As workplaces become more diverse, employers must do more than use simple language to support this thing we call health literacy. They must also be aware of cultural variables that may impede understanding.
In 1992, I moved to Japan. At only 23 years old, I was as healthy as a horse. And twice as smart. My experience with the healthcare system in the U.S. was limited to annual check-ups and vaccinations. That lack of experience meant I really had no preconceptions of what to expect in Japan. I was a blank slate.
“National healthcare?” Sure thing. I’m no scofflaw.
“No appointments necessary?” Ok, if that’s how it works. No problem.
“MRIs for $100?” Sign me up! Oh, and what’s an MRI?
When I returned to the States in 2005, I was a wise old man of 37 — wise about the Japanese healthcare system, that is. That’s really the only one I knew.
Adapting to healthcare in the U.S. was challenging. Here I was, a native English speaker in my late 30’s and couldn’t tell the difference between a co-pay, co-insurance or a deductible. I kinda, sorta understood what a premium was. It’s that thing they take out of your paycheck, right? Wait, you get a
choice of how much they take out?! Hold on! I need some education!
Now, my wife, that was a different story. She is not a native English speaker and this was her first time living abroad. She was having a hard-enough time dealing with general culture shock as it was. Trying to navigate the healthcare system with her husband (who now truly felt only twice as smart as a horse) was just about the most stressful thing I’ve seen her go through.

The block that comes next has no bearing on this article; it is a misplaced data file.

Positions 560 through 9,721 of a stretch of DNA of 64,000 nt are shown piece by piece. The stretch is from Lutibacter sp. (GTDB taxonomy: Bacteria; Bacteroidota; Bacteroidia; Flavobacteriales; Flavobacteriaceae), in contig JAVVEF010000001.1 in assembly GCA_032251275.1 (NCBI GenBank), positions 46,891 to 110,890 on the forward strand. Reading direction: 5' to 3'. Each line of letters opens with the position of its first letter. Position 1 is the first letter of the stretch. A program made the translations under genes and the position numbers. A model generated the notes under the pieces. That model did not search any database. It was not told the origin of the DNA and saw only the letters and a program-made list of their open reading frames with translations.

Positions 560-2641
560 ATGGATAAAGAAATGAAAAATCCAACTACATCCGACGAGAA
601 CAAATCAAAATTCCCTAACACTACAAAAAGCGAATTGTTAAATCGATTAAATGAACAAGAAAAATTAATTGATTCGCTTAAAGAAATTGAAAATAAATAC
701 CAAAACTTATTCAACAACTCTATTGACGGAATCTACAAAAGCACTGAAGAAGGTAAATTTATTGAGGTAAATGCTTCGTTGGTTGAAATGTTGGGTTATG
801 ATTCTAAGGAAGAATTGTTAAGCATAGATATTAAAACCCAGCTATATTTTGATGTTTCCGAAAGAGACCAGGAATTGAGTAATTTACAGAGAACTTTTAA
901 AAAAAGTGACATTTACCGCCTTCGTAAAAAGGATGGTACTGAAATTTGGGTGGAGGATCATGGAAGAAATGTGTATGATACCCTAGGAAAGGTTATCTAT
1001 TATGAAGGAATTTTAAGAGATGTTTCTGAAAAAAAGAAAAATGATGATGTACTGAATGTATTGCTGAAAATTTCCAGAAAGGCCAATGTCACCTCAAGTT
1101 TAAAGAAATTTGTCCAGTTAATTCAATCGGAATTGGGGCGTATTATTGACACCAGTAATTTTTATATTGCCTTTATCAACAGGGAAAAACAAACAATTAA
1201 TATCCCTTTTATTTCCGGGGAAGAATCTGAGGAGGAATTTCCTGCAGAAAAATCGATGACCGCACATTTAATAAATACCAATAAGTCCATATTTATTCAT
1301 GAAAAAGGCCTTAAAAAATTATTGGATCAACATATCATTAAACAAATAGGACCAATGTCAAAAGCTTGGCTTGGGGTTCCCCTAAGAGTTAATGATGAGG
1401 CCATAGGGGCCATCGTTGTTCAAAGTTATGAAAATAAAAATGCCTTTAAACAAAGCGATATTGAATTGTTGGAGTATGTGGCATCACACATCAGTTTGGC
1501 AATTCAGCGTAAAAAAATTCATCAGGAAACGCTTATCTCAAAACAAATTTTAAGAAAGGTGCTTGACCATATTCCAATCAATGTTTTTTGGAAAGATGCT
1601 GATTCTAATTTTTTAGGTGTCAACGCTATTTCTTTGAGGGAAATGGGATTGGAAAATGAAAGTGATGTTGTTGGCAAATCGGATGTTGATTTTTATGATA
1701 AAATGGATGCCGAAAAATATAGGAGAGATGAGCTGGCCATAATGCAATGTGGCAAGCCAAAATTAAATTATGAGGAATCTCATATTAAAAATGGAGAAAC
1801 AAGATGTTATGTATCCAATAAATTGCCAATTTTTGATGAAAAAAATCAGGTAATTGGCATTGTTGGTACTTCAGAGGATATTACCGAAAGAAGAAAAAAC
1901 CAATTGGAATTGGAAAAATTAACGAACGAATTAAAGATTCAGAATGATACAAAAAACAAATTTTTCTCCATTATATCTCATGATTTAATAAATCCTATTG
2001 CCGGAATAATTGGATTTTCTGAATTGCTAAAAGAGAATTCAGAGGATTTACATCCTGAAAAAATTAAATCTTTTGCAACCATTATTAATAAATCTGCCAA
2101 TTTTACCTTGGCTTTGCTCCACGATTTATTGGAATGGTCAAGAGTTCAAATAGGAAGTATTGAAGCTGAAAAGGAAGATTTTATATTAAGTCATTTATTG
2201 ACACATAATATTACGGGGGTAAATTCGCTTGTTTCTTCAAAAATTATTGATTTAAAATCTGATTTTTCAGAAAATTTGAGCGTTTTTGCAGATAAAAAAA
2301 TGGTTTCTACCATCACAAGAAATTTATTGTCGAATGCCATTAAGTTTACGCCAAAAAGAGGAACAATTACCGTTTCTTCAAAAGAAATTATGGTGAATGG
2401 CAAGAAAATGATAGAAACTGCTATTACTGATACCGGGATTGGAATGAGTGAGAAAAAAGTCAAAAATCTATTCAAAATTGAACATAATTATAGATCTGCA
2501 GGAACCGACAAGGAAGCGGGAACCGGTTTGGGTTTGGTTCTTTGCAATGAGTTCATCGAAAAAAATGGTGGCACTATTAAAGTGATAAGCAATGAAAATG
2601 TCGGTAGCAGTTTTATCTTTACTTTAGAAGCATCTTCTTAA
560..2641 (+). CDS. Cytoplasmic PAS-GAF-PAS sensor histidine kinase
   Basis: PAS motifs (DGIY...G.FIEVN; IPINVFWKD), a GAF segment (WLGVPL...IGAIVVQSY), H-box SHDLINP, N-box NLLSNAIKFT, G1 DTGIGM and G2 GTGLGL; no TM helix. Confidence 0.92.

One thing my wife and I did have going for us, though, was a pretty solid foundation in general health knowledge. Diet, exercise, disease prevention, all that. So, what made it so difficult?
Was it truly a “health literacy” problem? Or was it rooted in “benefits literacy?” Or “health system literacy?” Had we been on an HDHP, would it have crossed over into “financial literacy?”
And how unique was our situation, really? Think about your employees entering the workforce for the first time. What support do they need? Also consider those aging out of their parents’ coverage. How can you help them?
The point is, no matter where someone is from, what language they speak, or how old they are, they bring their own experiences to the equation of health literacy… or whatever we’re calling this thing.
As an employer, there’s a lot you can and should do to educate your employees so they can take full advantage of the benefits you’ve provided. Start with these resources from the
. Most importantly, make sure to Centers for Disease Control and Prevention . Let them know they’re not alone. Your reward will be happier and, we hope, healthier employees. demonstrate empathy
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Check out this other helpful blog. Don McCormick is the Content Marketing Lead at Businessolver and author of “Among Americans: A Guide for Cross-cultural Communication.” Questions? Contact Don at Linkedin.com/in/Don-McCormick .